Peter Dent, the department's executive director, safety and health, said part of this key role included responsibility for qualifications for statutory officials in the coal mining industry (mine managers and under managers-mine manager's representative on shifts), training agendas, the state's emergency response exercise for the industry, and industry liaison.
Reece has broad experience in different coalfields in Queensland and New South Wales, particularly in gassy mines. He has a Bachelor of Engineering in mining engineering from the University of New South Wales and holds a First Class Mine Manager's Certificate.
Before moving to Queensland he was mine manager for five years with Dartbrook colliery in the Hunter Valley. This mine has a 24-metre thick seam, a high carbon dioxide content rather than methane, and is prone to spontaneous combustion. He was also mine manager at Central and North Goonyella Collieries in the Bowen Basin.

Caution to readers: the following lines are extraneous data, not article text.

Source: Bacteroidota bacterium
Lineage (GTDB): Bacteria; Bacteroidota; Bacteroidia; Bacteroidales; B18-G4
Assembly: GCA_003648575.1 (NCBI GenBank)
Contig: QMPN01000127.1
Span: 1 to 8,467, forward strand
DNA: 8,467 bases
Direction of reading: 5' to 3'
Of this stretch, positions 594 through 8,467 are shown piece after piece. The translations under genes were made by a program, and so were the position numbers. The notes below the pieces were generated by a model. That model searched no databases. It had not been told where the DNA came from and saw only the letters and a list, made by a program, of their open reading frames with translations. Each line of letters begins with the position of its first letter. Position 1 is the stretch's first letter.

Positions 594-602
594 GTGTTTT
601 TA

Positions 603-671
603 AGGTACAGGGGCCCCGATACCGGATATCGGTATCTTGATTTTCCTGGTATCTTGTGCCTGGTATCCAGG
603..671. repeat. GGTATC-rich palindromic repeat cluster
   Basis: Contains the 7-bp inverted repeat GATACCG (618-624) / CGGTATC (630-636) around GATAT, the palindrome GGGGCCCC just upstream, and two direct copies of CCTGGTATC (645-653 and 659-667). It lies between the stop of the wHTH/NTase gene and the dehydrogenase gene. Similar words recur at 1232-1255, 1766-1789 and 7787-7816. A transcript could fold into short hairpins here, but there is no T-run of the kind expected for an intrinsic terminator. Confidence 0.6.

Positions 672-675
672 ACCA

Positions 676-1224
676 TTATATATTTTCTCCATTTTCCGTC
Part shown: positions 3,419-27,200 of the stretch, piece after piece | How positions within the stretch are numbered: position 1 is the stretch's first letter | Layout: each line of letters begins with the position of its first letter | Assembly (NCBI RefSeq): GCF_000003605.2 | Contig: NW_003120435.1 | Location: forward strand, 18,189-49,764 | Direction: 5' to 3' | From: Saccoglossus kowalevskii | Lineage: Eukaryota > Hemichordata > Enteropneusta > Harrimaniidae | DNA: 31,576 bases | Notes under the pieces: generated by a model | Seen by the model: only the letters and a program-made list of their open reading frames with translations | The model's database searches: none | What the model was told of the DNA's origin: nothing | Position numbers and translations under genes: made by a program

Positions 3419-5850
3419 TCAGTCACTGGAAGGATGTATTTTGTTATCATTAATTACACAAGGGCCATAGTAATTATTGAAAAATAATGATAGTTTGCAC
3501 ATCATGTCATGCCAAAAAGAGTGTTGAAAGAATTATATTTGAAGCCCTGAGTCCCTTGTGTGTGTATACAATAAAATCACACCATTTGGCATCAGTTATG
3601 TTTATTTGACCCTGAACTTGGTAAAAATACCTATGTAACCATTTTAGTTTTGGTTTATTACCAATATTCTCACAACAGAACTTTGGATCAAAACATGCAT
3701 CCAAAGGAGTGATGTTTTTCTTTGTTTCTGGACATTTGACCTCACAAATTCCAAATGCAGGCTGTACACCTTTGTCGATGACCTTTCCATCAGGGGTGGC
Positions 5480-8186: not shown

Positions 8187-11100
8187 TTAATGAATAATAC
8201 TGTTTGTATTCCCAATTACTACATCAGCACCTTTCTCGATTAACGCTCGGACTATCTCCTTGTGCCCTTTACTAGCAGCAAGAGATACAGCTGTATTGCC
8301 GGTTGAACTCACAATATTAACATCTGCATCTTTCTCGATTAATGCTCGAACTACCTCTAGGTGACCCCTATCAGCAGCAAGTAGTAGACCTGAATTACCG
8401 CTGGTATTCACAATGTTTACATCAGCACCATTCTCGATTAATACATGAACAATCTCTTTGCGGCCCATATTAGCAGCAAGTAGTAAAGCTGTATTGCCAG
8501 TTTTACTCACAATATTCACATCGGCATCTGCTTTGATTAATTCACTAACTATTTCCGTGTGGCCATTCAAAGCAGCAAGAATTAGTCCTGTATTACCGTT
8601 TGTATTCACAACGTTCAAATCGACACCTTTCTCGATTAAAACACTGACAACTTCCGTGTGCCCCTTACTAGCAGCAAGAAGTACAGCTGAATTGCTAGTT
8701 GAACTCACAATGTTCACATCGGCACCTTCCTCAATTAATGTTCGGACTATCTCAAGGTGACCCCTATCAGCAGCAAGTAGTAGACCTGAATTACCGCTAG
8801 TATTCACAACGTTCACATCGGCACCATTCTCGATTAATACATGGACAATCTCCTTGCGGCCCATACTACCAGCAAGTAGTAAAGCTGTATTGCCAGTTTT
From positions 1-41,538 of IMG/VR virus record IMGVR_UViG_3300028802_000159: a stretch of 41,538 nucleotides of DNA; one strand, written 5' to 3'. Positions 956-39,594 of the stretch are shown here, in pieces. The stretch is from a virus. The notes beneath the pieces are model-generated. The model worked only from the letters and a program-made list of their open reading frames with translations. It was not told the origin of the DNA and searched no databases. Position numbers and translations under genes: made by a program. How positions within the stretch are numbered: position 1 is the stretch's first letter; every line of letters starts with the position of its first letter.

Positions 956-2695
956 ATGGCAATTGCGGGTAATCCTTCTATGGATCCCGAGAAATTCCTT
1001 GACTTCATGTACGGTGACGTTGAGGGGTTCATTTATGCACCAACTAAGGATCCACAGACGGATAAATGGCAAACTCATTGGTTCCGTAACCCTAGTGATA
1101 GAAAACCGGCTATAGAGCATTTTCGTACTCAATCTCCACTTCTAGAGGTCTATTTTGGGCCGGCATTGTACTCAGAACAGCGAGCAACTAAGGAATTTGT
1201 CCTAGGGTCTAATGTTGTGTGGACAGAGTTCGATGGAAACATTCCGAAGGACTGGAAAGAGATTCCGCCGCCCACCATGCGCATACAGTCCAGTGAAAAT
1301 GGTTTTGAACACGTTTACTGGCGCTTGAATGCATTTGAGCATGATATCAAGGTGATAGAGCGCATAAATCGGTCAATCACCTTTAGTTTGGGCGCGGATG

Reece said one of the biggest challenges facing the Queensland and Australian coal industry was sustainable development.
"The state is the world's largest seaborne coal trader, exporting 117.56 million tonnes of coal to 30 countries in 2000-01, but the industry is under pressure to operate safely and responsibly, to reduce greenhouse gas emissions, and to find cleaner fuels.
"In Queensland, we are also focussing on coordinated training to improve our safety and health record, all part of the new risk-based rather than prescriptive legislation that was introduced in March 2001," he said.
"Other challenges facing the industry are ensuring risk-based management plans are relevant to the workplace, and working closely with all staff on matters of training and competence," Reece said.